Skip to content

Winter Steelhead

Tillamook County has some of the most popular spots for winter steelhead fishing

Both because of its strong hatchery programs and its proximity to Portland. Steelhead can be a challenge for even seasoned fishermen, requiring patience and tenacity to catch.

According to the Oregon Department of Fish and Wildlife, anglers need a Combined Angling Tag to fish steelhead. Beyond just steelhead, the license is good for salmon, sturgeon and Pacific halibut.

You may want specialized equipment for steelhead fishing—for instance, steelhead rods are often lighter than salmon rods. Consider factors such as the type of fishing you’ll be doing (plunking vs. drift fishing, e.g.), the size of your lure and the type of reel you’re using, as you determine what equipment you’ll need to have a great day of fishing. Tillamook steelhead runs are ideal for spey rods of 12’ and 9 weight, and fly fishing with heavy sink tips and large flies.

The winter steelhead run starts around Thanksgiving on the North Coast, and is at its peak by mid-winter. Winter steelhead continue to run into early spring, when summer steelhead start arriving to take their place.

Fish for Steelhead on the Track River

North Fork Nehalem River

 

John Lewis steelhead Wilson River Josiah Darr fishing guide

Year-round Oregon Coast fishing

The Nestucca River has year-round fishing with good populations of steelhead, salmon, and cutthroat trout. It flows through southern Tillamook County and enters the ocean at Pacific City. The Nestucca is one of the best places on the north coast to land winter steelhead over 20 pounds, and is ideal for drift-boat anglers with a launch out of Cloverdale.

The Wilson River is hard to beat for the best winter steelhead stream fishing. Parking spots are plentiful along Oregon Highway 6, which follows close to the flow of the river. This beautiful country highway links Tillamook to the Portland metropolitan area. Anglers fishing the Wilson harvest more than 2,000 steelhead during the winter fishing season.

The North Fork of the Trask River joins the main stem Nehalem River (a.k.a. South Fork) at tidewater and kicks out the majority of the river system’s hatchery winter steelhead. It is also the first to see the winter steelhead, and peaks just before Christmas.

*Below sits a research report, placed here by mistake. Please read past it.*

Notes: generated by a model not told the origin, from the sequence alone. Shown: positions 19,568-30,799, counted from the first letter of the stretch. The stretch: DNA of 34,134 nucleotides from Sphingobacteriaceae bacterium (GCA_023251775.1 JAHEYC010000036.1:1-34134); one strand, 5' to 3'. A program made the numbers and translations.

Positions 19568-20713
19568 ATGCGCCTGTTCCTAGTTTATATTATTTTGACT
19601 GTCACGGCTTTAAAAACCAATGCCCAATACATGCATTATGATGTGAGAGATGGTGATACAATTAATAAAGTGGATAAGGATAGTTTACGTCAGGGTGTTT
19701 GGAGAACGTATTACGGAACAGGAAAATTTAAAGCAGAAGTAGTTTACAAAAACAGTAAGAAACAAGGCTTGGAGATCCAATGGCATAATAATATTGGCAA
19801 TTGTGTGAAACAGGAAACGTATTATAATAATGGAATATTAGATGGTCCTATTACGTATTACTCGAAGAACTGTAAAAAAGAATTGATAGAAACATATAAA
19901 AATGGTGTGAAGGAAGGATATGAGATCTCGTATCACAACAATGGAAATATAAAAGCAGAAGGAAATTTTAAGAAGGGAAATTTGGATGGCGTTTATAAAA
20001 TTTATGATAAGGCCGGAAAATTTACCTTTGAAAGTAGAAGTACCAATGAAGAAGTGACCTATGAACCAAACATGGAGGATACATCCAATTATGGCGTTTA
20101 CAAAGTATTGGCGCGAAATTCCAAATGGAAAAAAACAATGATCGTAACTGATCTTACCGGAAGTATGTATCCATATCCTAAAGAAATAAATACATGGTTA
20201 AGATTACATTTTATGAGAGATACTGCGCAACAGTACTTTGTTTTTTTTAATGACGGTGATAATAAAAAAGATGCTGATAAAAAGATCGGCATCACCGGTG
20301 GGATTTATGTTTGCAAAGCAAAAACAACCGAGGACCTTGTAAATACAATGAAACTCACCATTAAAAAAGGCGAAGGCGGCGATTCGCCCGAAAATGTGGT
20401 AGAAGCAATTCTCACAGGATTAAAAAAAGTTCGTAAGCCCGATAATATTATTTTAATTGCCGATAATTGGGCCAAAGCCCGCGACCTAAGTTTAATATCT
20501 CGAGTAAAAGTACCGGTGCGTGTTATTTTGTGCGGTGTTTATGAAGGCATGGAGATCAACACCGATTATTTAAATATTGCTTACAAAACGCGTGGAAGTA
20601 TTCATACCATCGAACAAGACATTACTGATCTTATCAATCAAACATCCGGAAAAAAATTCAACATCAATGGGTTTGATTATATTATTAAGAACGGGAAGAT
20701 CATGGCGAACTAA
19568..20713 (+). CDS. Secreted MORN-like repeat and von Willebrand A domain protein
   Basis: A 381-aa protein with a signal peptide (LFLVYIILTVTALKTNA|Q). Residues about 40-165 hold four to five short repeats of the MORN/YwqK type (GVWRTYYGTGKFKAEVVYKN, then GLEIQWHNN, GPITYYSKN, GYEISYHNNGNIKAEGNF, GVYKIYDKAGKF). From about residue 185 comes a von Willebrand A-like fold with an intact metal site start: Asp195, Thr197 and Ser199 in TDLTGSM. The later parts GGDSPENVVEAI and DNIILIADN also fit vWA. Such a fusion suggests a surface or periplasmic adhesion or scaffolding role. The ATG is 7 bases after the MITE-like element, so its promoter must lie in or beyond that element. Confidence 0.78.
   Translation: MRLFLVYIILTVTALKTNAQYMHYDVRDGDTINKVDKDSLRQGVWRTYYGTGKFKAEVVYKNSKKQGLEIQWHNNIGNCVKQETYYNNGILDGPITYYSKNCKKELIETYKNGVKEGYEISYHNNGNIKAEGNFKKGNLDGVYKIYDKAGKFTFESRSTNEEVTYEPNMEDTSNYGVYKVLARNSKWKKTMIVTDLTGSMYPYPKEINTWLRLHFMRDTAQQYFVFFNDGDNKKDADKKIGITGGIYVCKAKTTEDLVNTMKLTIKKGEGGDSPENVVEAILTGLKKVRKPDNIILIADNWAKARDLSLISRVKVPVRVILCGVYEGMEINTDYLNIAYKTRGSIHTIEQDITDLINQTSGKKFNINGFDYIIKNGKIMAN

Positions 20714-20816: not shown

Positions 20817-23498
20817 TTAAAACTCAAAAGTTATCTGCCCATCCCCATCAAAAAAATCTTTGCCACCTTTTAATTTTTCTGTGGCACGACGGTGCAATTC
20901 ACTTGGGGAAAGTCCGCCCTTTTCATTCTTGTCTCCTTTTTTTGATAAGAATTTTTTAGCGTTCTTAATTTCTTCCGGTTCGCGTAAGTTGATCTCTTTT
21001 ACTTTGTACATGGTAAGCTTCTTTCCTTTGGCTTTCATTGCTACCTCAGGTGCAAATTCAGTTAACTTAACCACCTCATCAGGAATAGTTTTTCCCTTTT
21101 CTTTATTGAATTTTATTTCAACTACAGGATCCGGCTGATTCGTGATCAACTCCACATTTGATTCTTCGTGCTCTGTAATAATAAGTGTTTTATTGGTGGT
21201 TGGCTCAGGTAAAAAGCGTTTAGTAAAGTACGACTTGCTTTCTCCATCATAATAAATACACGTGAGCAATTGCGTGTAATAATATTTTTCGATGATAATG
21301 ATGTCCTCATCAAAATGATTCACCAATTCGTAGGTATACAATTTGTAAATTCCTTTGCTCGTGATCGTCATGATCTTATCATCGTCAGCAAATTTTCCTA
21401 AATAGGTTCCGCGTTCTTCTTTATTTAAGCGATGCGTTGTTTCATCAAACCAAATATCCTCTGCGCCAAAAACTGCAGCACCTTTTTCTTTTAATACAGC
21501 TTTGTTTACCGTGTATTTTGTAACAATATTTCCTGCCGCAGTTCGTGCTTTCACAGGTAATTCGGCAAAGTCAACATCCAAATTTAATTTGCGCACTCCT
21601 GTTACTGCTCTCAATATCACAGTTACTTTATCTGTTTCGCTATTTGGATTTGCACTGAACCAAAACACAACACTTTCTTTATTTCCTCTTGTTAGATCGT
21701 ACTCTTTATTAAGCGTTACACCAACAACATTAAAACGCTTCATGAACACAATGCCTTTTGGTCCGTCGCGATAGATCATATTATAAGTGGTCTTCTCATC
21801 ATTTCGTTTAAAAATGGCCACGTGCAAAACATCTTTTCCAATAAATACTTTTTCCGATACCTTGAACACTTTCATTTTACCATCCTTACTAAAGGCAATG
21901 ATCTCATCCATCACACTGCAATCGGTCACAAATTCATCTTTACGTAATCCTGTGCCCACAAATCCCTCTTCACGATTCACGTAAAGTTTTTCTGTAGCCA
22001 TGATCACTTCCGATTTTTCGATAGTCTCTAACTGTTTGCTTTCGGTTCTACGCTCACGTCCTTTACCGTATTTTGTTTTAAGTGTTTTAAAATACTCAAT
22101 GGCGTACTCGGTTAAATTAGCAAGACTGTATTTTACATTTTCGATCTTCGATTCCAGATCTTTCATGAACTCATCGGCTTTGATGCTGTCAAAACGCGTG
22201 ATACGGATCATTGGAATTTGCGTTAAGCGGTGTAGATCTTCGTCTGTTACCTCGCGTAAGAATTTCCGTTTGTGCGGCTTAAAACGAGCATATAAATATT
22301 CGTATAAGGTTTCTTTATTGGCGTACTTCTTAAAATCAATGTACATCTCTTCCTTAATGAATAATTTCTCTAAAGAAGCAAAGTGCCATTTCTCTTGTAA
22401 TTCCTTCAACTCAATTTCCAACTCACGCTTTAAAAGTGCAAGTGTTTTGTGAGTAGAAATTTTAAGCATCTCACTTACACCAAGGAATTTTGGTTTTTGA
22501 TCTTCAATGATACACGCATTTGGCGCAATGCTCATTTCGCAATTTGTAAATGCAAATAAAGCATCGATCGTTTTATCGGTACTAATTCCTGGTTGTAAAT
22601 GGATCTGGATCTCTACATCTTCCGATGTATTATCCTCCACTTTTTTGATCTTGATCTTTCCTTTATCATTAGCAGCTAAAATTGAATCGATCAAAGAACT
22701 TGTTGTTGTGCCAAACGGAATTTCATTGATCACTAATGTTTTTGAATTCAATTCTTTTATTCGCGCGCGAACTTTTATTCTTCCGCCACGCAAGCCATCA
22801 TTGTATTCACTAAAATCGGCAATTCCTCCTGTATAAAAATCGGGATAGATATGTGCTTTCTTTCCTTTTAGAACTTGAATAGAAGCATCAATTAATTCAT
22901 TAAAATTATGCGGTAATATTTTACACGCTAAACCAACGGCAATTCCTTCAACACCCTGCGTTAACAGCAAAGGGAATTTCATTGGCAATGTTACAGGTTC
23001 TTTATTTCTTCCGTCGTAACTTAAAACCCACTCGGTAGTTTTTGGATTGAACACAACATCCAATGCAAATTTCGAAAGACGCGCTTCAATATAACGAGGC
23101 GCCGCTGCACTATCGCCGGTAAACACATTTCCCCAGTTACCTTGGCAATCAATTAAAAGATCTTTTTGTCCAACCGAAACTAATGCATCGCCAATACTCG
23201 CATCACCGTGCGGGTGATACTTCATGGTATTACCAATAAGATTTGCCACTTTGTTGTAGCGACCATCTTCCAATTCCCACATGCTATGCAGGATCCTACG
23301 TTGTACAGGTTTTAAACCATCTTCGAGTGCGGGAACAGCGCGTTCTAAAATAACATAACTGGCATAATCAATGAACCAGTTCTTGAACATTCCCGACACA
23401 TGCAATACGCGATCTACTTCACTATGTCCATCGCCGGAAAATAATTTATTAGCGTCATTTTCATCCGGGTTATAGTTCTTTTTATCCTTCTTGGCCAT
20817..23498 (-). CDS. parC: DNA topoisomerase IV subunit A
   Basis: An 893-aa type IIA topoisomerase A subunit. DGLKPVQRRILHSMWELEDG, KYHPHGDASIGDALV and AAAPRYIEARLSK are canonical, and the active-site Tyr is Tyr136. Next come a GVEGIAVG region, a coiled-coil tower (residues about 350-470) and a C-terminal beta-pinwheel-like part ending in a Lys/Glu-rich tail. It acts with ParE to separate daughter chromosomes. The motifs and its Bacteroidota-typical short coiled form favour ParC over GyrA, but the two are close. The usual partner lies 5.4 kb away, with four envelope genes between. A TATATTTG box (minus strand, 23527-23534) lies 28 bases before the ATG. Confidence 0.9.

Even if you’re not a fisherman…

Consider tagging along when friends and family head out to the river! The experience could surprise you—and there are plenty of health benefits you may not have considered. For one, walking (and hauling your gear) around to scope out a spot is a nice, low-impact exercise that gets some added steps into your day. And beyond just the physical, fishing is a great activity for your mental health. Waiting on a bite helps you practice patience, and spending a day outdoors can be peaceful, helping to quiet a busy mind. Plus, fishing with other people gives you the chance to bond—away from the everyday distractions of technology (try putting your phone away while you’re out on the water!) and the stresses of your regular life.

Fishing is good for you on another level, too: once you get your catch home, you’ll have a delicious, nutritious component to your meals. Steelhead is a tender fish with a mild flavor, and wild fish is almost always more flavorful than farmed fish. High levels of vitamins B and D, omega-3 fatty acids and antioxidants make steelhead a healthful addition to your diet.

If you’re looking to catch steelhead, look no further than Tillamook County!

arrow